The truth is that I’ve been wanting Pumpkin Spice Latte for a while now. It always sounds and smells fabulous when my friends order it out. But there’s that darned coffee factor. I just don’t like coffee in its liquid form. In cookies? … yes. In ice cream? … yes. But no coffee in liquid form for me, please.
Sure, I drank coffee made from those powdered International Coffees back in the day, but those don’t really count, do they?
I made this Pumpkin Spice Latte shortly before leaving for work. I sipped on some and mmm’d my approval to myself and Sonny, our dog. Then I set it aside to do a few additional morning chores and shower. Honestly, I enjoyed my shower even more knowing that this Pumpkin Spice Latte was waiting for me.
In fact, I took my mug into the bathroom. A hot shower followed by still hot enough Pumpkin Spice Latte? That’s a little bit of fall-flavored heaven, let me tell you!
This latte is so easy to make that you can hardly call it a recipe, but there is a catch. You do have to have pumpkin butter, and I highly recommend my pumpkin butter (made in the slow cooker; letting it cook overnight works great!) or another healthy, refined sugar-free version.
But trust me, it’s worth making a pot of pumpkin butter to be able to enjoy some Pumpkin Spice Latte for days on end (and it has many other great uses, too).
More Seasonal Hot Beverages That Work for the Non-Coffee Drinkers Among Us:
~ Stephanie’s Slow Cooker Witch’s Brew—“Green slimy, sweet and sour, with a sprinkle of “tiny spiders.”
~ Real Everything’s Kid-Friendly Pumpkin Cider Latte—Even created by a kid. Mostly. You can even see his handwritten recipe. The beginning of gluten-free, dairy-free, paleo recipe creation genius!
~ Valerie’s (City | Life | Eats) Spicy Hot Chocolate—This recipe uses both almond milk and coconut milk and while I’m a wimp when it comes to anything spicy, I loved this recipe! (You can totally omit the chipotle if no spiciness is desired.)
~ Deanna’s Hot Cider Smoothie—This recipe was one of the entries for the D-Tox January event hosted by Nicola (G-Free Mom) earlier this year. Most of us were making cold smoothies and juices as our submissions, but for Deanna who lives in Wisconsin, a cold beverage did not seem like a reasonable option! Her recipe is super simple and delicious.Enjoy your warming beverages. It could even snow here tomorrow and I haven’t even had a fire in the wood stove yet. Surprise! Okay … it’s unlikely to snow here, but only 45 minutes away and further west at our mountain property, it’s very likely to snow. No end-of-season camping for us this year.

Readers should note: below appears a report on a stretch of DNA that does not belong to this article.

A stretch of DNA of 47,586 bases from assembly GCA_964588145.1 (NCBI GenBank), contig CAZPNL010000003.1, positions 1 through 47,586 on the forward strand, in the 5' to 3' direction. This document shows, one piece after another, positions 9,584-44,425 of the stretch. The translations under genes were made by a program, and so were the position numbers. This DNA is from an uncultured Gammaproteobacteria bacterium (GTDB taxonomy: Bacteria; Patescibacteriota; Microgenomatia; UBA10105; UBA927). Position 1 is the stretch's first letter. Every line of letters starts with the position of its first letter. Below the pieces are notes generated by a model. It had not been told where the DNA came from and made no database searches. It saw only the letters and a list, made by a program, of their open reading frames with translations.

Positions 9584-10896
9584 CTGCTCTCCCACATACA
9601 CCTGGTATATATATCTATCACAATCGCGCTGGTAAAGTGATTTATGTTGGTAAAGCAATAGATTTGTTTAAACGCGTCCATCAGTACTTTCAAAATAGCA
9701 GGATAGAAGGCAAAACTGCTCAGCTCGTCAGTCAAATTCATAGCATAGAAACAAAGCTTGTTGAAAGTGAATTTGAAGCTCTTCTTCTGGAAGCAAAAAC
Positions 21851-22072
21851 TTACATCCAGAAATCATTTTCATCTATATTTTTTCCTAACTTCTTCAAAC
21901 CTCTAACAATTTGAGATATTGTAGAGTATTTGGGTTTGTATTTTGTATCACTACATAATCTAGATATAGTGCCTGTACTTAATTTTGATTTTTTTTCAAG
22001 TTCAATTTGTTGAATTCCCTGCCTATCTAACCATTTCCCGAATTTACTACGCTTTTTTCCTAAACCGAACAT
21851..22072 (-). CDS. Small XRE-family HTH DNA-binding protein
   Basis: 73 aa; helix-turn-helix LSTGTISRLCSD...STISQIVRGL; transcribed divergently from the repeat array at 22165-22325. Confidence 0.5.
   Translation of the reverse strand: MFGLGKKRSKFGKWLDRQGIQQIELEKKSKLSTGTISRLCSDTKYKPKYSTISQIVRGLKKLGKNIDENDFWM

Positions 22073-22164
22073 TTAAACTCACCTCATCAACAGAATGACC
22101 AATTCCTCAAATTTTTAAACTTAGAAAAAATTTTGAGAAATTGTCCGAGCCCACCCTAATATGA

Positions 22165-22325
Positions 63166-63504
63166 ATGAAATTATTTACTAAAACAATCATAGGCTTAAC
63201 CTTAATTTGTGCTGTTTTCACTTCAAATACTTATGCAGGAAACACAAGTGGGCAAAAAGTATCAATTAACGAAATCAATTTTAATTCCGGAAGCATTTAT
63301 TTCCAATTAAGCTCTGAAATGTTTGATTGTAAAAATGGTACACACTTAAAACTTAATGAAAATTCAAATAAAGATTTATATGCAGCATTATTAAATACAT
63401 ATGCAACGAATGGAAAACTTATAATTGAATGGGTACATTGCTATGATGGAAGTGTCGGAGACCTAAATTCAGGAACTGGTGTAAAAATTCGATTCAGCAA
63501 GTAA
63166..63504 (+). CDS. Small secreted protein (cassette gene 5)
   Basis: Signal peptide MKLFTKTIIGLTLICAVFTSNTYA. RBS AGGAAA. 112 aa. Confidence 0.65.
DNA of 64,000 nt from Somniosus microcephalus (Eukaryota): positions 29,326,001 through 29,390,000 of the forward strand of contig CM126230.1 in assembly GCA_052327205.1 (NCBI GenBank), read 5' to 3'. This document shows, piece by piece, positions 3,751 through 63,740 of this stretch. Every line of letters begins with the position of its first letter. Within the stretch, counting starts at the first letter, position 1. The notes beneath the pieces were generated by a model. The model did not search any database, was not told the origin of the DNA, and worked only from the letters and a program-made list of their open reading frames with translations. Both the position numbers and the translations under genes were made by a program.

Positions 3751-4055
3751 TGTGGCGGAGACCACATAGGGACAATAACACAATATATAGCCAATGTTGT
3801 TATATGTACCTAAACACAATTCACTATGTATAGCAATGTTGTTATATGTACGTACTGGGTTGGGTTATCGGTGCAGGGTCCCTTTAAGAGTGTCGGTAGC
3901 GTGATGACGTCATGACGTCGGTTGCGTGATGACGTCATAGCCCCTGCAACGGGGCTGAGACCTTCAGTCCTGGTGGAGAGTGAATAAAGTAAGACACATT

Mr. GFE is supposed to be in a sailboat race here tomorrow. Hmmm. Wonder if that’s going to happen? I better have some hot Velvety Pumpkin Spice Latte waiting for him when he returns! (He’s not a coffee drinker either.)
Velvety Pumpkin Spice Latte Recipe
Of course, you can keep the kiddos’ version coffee free and add a little coffee to yours if you like! I love this non-coffee pumpkin spice "latte" made with almond milk. The texture is perfection---velvety smooth. It actually looks like pumpkin pie “batter,” too. If you drink Vanilla Almond Milk, you may not need as much pumpkin butter, but your Vanilla Pumpkin Spice Latte will no doubt be equally delicious. version If you want to substitute full-fat coconut milk, you may want to use a mixture of full-fat coconut milk and water. If you have a mug that holds 1 1/2 cups, I recommend using about 1 1/4 cups of full-fat coconut milk and 1/4 cup of water. Cashew milk is another great option. And if you consume cow dairy, then regular milk would be fine, but I would use regular milk or 2% milk. You may top your latte with some of my gluten-free, dairy-free Honey Whipped Cream (agave nectar may be used instead of honey) or Diane’s "original" gluten-free, dairy-free, vegan Whipped Cream for a truly decadent delight.
Of course, you can keep the kiddos’ version coffee free and add a little coffee to yours if you like!
I love this non-coffee pumpkin spice "latte" made with almond milk. The texture is perfection---velvety smooth. It actually looks like pumpkin pie “batter,” too. If you drink Vanilla Almond Milk, you may not need as much pumpkin butter, but your Vanilla Pumpkin Spice Latte will no doubt be equally delicious. version
If you want to substitute full-fat coconut milk, you may want to use a mixture of full-fat coconut milk and water. If you have a mug that holds 1 1/2 cups, I recommend using about 1 1/4 cups of full-fat coconut milk and 1/4 cup of water.
Cashew milk is another great option. And if you consume cow dairy, then regular milk would be fine, but I would use regular milk or 2% milk.
You may top your latte with some of my gluten-free, dairy-free Honey Whipped Cream (agave nectar may be used instead of honey) or Diane’s "original" gluten-free, dairy-free, vegan Whipped Cream for a truly decadent delight.